Michael S. Lorrey <firstname.lastname@example.org> Wrote:
> I imagine he means that you can sniff out odd isotopes of helium,
There are only 2, common He4 and very rare He3 and I don't see why
a bomb would make a lot of He3, at least not until it went off.
>Proper shielding for that much plutonium is at least 6 inches of solid metal,
The plutonium in every fission weapon is surrounded by several inches of lead,
or more usually, something even denser like tungsten. The reason for this is not
shielding, although it has that effect, it's because it acts as a tamper, the added
mass slows the expansion of the plutonium core allowing the nuclear chain reaction
to proceed for a few extra nanoseconds. Also, the plutonium usually has a thin layer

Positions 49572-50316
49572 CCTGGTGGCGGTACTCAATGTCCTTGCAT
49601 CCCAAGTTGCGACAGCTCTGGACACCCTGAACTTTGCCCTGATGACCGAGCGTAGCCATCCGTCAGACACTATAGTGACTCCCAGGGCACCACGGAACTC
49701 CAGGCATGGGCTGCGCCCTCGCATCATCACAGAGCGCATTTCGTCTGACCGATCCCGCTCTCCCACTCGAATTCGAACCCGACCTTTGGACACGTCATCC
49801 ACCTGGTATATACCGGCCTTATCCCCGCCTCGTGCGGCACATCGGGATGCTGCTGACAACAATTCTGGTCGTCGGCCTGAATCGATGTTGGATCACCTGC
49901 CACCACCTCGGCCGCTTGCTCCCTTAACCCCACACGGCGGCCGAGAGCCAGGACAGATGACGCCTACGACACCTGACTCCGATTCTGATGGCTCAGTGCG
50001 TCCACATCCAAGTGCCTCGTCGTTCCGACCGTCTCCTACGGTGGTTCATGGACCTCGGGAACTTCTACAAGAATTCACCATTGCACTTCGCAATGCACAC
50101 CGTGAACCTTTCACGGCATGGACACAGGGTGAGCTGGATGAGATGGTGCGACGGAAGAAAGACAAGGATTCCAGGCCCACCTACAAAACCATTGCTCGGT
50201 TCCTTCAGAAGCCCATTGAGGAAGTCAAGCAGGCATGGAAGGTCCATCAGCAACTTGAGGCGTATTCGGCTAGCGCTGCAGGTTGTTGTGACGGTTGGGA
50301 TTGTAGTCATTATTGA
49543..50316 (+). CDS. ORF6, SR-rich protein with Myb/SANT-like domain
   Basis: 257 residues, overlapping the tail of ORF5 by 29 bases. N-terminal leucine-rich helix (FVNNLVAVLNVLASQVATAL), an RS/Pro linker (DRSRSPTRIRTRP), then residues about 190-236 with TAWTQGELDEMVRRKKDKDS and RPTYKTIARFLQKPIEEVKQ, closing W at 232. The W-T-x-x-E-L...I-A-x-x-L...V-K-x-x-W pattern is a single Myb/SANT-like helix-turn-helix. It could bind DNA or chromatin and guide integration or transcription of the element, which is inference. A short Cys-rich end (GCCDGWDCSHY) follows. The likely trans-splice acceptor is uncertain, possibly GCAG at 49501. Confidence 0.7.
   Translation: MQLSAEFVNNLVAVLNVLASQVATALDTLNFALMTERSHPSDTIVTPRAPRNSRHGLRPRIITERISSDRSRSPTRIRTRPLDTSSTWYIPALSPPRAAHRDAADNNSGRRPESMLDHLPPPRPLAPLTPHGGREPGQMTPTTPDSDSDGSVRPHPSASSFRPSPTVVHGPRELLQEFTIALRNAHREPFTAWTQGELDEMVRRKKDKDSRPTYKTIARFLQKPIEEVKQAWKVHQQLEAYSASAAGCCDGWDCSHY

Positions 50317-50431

of beryllium around it because that element has more atoms per volume than any
other and so is good at reflecting precious neutrons back into the core. The 5 or 6
inches of chemical high explosive around it all also acts as a radiation shield.
>which would weigh at least a half ton.
All that does add weight of course, the tamper weighs more than any other part
of a fission weapon, but not half a ton. After all, the plutonium core is smaller than a
orange. Besides, it you're delivering the warhead by truck not ICBM then weight is
not a issue.
John K Clark email@example.com
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